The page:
lower x 10 reps shovel drill (10 half-full, 10 full)

CONTINUOUS STRENGTH AEROBIC One UB Circuit, 38 min. “JT” One LB Circuit STRENGTH #3, 4 or 5: AbCore: 2 sets of 15 RM Choose one circuit for #3 and #5, — OR — 2 sets to failure for #4 AEROBIC INTERVALS AbCore: 1 min. work/ Choose one circuit 1 min. easy x 15 WEIGHTLOAD MARCH 10 km with 24.5 kg pack (Time = 2 hours, Pace = 5.0 km/hr) FIELD EXERCISES 1 sets each of: casualty evacuation 100 m out & back ammunition box lift/ lower x 50 reps shovel drill (50 half-full, 50 full) STRENGTH One UB Circuit, One LB Circuit: 2 sets of 12 RM POWER Sprint Programme Set 1 and Set 2 STRENGTH One UB Circuit #3, 4 or 5: 2 sets of 10 RM POWER Sprints: 6 x 20 m every 10 sec 4 x 40 m every 20 sec 2 x 60 m every 30 sec STRENGTH One UB Circuit, One LB Circuit #3, 4 or 5: 2 sets of 15 RM AbCore: Choose one circuit

REPEAT either Day 1, 2, 4 or 5 — OR — REST

REST

W WEIGHTLOAD 4 sets each of: E casualty evacuation MARCH 20 m out & back 8 km with E 24.5 kg pack K (Time = 1 hr 36 min, ammunition box lift/ lower x 20 reps Pace = 5.0 km/hr) shovel drill 2 W WEIGHTLOAD 3 sets each of: E casualty evacuation MARCH 30 m out & back 8 km with E 24.5 kg K (Time = 1 hrpack min, ammunition box lift/ 30 3
Pace = 5.33 km/hr)

FIELD EXERCISES

REPEAT either Day 1, 2, 4 or 5 — OR — REST

REST

(20 half-full, 20 full)

FIELD EXERCISES

CONTINUOUS AEROBIC 40 min. “JT” — OR — AEROBIC INTERVALS 1 min. work/ 1 min. easy x 17
CONTINUOUS AEROBIC 42 min. “JT” STRENGTH AbCore: Choose 1 circuit — OR — AEROBIC INTERVALS 2 min. work/ 2 min. easy x 6 STRENGTH AbCore: Choose 1 circuit

REPEAT either Day 1, 2, 4 or 5 — OR — REST

REST

lower x 25 reps shovel drill (30 half-full, 30 full)

W WEIGHTLOAD FIELD EXERCISES 3 sets each of: E MARCH casualty evacuation 8 km with E 40 m out & back 24.5 kg K (Time = 1 hrpack min, ammunition box lift/ 20 4
Pace = 6.0 km/hr) lower x 30 reps shovel drill (30 full)

REPEAT either Day 1, 2, 4 or 5 — OR — REST

REST

W WEIGHTLOAD FIELD EXERCISES 3 sets each of: E MARCH casualty evacuation 6.5 km with E 50 m out & back 24.5 kg pack K ammunition box lift/ (Time = 1 hour, 5
Pace = 6.5 km/hr) lower x 35 reps shovel drill (40 full)

CONTINUOUS AEROBIC 45 min. “JT” — OR — AEROBIC INTERVALS 2 min. work/ 2 min. easy x 7
CONTINUOUS AEROBIC 45 min. “JT”

REPEAT either Day 1, 2 or 5 — OR — REST

REST

W WEIGHTLOAD FIELD EXERCISES 3 sets each of: E MARCH casualty evacuation 10 km with E 60 m out & back 24.5 kg K (Time = 1 hrpack min, ammunition box lift/ 40 6
Pace = 6.0 km/hr) lower x 40 reps shovel drill (50 full)

STRENGTH UB Circuit #3, 4 or 5: 2 sets of 12 RM — OR — POWER – Sprints: AEROBIC INTERVALS 2 x 20 m every 10 sec 2 min. work/ 2 x 30 m every 15 sec 2 min. easy x 8 2 x 40 m every 20 sec STRENGTH 2x 50 m every 25 sec AbCore: Choose 1 circuit 2 x 60 m every 30 sec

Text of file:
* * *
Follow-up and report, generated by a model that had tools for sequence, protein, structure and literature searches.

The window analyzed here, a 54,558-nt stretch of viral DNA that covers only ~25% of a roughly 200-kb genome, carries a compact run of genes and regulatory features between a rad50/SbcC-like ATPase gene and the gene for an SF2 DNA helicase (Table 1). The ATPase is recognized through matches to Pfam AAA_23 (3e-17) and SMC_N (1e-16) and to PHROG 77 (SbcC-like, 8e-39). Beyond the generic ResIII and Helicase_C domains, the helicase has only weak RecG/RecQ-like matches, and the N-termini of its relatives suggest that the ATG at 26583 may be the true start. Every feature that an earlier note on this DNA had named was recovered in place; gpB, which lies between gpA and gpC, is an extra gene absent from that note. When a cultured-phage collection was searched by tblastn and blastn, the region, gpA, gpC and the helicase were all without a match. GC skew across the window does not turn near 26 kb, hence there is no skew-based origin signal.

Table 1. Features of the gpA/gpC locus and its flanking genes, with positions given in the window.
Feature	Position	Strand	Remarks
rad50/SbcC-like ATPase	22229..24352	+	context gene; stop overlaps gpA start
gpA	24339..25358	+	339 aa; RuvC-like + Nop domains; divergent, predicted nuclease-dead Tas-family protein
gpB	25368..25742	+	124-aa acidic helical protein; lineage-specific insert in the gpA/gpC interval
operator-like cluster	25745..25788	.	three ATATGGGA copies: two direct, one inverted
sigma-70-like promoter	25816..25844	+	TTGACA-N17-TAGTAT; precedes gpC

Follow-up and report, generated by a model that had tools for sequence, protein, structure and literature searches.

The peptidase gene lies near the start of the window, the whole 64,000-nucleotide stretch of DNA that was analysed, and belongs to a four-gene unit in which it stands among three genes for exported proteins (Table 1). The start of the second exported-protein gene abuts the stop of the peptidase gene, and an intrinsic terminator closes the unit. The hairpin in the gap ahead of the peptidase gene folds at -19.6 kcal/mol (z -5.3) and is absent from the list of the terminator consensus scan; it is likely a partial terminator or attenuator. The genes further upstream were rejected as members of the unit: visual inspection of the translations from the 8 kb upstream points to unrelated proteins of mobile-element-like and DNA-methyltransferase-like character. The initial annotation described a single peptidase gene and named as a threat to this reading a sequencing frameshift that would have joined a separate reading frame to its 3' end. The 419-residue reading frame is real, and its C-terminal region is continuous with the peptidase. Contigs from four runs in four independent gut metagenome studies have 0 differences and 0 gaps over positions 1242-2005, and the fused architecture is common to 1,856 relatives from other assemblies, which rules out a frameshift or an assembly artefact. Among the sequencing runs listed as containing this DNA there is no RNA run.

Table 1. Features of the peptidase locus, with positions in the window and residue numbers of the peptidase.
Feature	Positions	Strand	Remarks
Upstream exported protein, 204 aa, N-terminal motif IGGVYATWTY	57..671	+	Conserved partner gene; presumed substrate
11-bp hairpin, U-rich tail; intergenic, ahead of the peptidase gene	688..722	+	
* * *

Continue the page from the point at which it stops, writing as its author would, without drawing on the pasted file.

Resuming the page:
REPEAT either Day 1, 2, 4 or 5 — OR — REST

REST

Study the Guidelines for each activity on the next page…

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Guidelines

CONTINUOUS AEROBIC (DAY 4)
Your approximate “just talk” or “JT” pace for your distance runs should be 220 m/min.

AEROBIC INTERVALS (DAY 4)
Approximate distance you will cover for each one-minute work interval is 250 m; for each two-minute work interval it is 500 m. For the easy recovery segment, you can jog, walk or stretch.

STRENGTH TRAINING
The Abdominal-Core (AbCore) exercises are done on Day 4 or 5. Choose one of four circuits. The Upper-Body (UB) exercise circuit is done on Day 5. Choose from circuits 3, 4 or 5. The Lower-Body (LB) exercise circuit is done on Day 5. Choose from circuits 3, 4 or 5. Set the load that allows you to do the sets and reps noted. Remember, when training do not go to failure on any set. Stop when you can still do one more rep before failure (this is called “Failure minus 1” or “F-1”).

SPEED AND POWER TRAINING
The Sprint Programme is done on Day 5. Special sprint routines are done on Weeks 4 and 6. They are outlined right on the chart.

DAY 6—OPTIONAL
If there is the opportunity to do additional physical preparation, the Optional day allows you to repeat either Day 1, 2, 4 or 5 from that week.

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Three-Week Rapid-Deployment Programme
This programme provides for a transition from garrison to functional field activities with attendant increases in work capacity. It is modelled after Weeks 10-12 of the Army Fitness Programme and is meant to fine tune an already high level of fitness. The weightload march and field exercises are important components of this programme. It also includes continuous and interval aerobic sessions, strength-training circuits, and power/speed workouts.
THE SET-UP…

• Training takes place four days a week (Days 1, 2, 4, and 5) as set out in the Training Schedule on the next page. • Day 6 is an Optional training day, depending on your need for additional fitness work balanced with your other tasks and responsibilities to the unit. You (or your commander) can determine this week by week.
DOING IT…

• Read the Guidelines to the right of the Training Schedule from beginning to end before your first session in Week 1. • If you need to refresh your memory about any of the activities, read the appropriate chapters or sections earlier in the manual. • Do a proper warm-up at the beginning of each training session and a cool-down at the end. • For the Day 2 field exercises, do the first set of each exercise (casualty evacuation, then ammunition box lift, then shovel drill), then repeat for the second and third sets. • If you train on Optional Day 6, repeat the Day 1, 2, 4, or 5 routine, whichever focuses on your areas of greatest need.